• How will they apply this in their work?
  • How can they share their learning with the rest of the team?

These questions will help them get the most value from the course, and will help you leverage that value in the team. However, don’t push too hard to force them to justify their choice. They shouldn’t feel that they have to do a full cost-benefit analysis! Ask these questions to help them, but give them the benefit of the doubt.

Online courses – and MOOCs in particular (Massive Open Online Courses) – have their share of critics. Most of the critics point to the high drop-out rate, which can be as high as 95%. That sounds terrible (and is, compared to an in-person training course), but happens because it takes almost no effort to sign up. Many students enrol without making a real commitment to seeing it through to the end. Some are just curious about the technology, others underestimate the effort involved, and others choose a course without checking the content. So don’t judge a course by its drop-out rate.

Enrol in online courses yourself

In my conference presentations, I often ask how many people have done any online courses. Typically, only about 10% of people raise their hands. If you’re like the majority and haven’t yet attended any online courses yourself, it’s time to do so! Until you do, you won’t really understand their strengths and weaknesses. Don’t start with a large MOOC provider such as, because that takes a large time commitment. Start instead with a smaller – but still reputable – provider, such as, which is backed by leading Australian and New Zealand academic institutions. The courses are shorter and less intensive, but still give you a taste for online learning.

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The Future of Conferences

 22nd June 2017 by gihan

Videoconferencing, online meetings, telepresence and other collaboration technology are gaining traction. Does that mean the in-person conference is obsolete? No – not by a long way! But its role has changed. In this webinar, I’ll show you the trends affecting our professional and personal lives, and how great conference organisers – and speakers – take advantage of them.

This is a MUST WATCH webinar for anybody involved in conferences – including businesses, conference organisers, bureaus, delegates, and speakers.

You can watch the recording here:

After the webinar, I asked participants “What was the most useful thing you learned today?” Here are some of their answers:

“All of it was useful and the most useful thing is: From event to journey”

“Explore different ways of delivering conferences “

“Pre-conf prep … most conferences don’t do, well not in the health area”

“Future demographics in 2050”

“Will do more research on participation methods/strategies for conferences”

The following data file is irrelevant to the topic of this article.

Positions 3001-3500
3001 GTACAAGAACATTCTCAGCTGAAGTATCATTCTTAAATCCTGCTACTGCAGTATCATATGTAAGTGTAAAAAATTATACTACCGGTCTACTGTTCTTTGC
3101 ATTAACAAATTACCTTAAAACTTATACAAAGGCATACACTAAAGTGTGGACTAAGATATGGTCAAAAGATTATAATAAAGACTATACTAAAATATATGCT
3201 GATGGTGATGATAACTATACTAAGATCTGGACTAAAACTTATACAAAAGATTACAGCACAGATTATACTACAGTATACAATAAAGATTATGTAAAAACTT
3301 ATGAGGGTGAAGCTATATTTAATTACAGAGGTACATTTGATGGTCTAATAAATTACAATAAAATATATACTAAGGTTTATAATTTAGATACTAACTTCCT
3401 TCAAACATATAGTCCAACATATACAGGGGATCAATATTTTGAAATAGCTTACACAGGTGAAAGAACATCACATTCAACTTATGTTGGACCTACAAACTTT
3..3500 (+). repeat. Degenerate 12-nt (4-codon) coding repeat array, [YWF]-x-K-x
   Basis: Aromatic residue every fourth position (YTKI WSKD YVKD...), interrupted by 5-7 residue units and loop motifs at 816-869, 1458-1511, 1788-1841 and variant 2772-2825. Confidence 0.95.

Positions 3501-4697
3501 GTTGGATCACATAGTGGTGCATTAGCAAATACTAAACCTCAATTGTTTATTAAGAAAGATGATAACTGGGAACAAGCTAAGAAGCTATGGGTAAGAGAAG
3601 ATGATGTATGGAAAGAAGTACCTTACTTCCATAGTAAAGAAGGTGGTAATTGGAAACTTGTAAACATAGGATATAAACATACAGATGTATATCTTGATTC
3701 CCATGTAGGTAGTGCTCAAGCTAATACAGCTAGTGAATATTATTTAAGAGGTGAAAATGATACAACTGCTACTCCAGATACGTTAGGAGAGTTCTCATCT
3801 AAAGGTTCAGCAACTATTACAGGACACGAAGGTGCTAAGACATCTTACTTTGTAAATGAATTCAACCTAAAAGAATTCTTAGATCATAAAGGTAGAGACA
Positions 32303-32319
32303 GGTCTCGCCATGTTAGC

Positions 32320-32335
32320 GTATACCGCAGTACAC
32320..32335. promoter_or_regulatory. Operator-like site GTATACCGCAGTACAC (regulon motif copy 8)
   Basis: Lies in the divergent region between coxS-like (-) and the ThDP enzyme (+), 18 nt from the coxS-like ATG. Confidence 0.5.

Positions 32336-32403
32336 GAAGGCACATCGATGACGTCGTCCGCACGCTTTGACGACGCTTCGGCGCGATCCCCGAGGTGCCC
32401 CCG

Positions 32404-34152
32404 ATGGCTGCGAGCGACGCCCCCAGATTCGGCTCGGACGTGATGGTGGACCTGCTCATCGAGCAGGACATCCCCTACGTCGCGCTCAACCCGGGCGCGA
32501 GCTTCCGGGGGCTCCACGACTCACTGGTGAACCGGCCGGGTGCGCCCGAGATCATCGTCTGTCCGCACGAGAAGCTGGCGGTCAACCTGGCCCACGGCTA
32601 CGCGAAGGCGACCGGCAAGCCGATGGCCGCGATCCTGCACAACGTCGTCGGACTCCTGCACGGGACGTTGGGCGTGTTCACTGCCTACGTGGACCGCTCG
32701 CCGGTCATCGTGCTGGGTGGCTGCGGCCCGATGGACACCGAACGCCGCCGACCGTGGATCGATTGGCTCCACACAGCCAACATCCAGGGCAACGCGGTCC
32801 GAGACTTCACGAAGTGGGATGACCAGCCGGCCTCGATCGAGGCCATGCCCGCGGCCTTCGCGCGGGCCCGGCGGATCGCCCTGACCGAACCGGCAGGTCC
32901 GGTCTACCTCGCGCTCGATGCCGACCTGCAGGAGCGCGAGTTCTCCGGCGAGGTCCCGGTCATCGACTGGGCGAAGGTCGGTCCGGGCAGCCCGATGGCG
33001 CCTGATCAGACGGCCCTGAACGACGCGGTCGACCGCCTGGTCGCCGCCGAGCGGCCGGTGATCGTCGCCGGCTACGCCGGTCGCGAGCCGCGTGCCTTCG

“The power and influence of social and future virtual connectivity and the flow on affect for the future of the traditional conferencing model”

“The options available now and in the not too distant future for better conferences, forums and even meetings.”

“Direction of options for future conferences”

“Expect the unexpected”

“That our world is changing rapidly”

“Participation ideas, BRiN, International Speakers Conference, Connected conferencing ideas”

“Ways to engage delegates into being participants and looking at the VR options for future conference”

“This was one of the most interesting webinars you’ve given – and they are all interesting. Especially as I’ve just returned from attending a ‘real’ conference that included many of the elements you mentioned”

“Identifying platforms like Brin and Virtual Speech”

“Conference attendees are no longer just attending but expect so much more engagement before, during and after the event”

“I’m going to try to buy the book – Disrupt Yourself as it seems to be a follow through from the Webinar”

“The potential of virtual reality- I will order the kit as suggested”

“Prepare for change !!!!”

“The future of conferences, great tips on apps and resources”

“Generational differences eroding traditional conference model. Other alternatives for face-to-face conference speaking”

“Very thought provoking about the future!”

The Future Proof Webinar Series

The Future Proof webinar series will keep you in touch with our future - what's ahead, what it means for us, and how to stay ahead of the game.

In each webinar, I'll cover an important topic about the future - for example, the shift of power to Asia, the changing workplace, healthcare technology, the shift to customer-centric business, big data, and more. This is not just theory; I'll also give you practical examples and ideas for you to future-proof your organisation, teams, and career.

Register here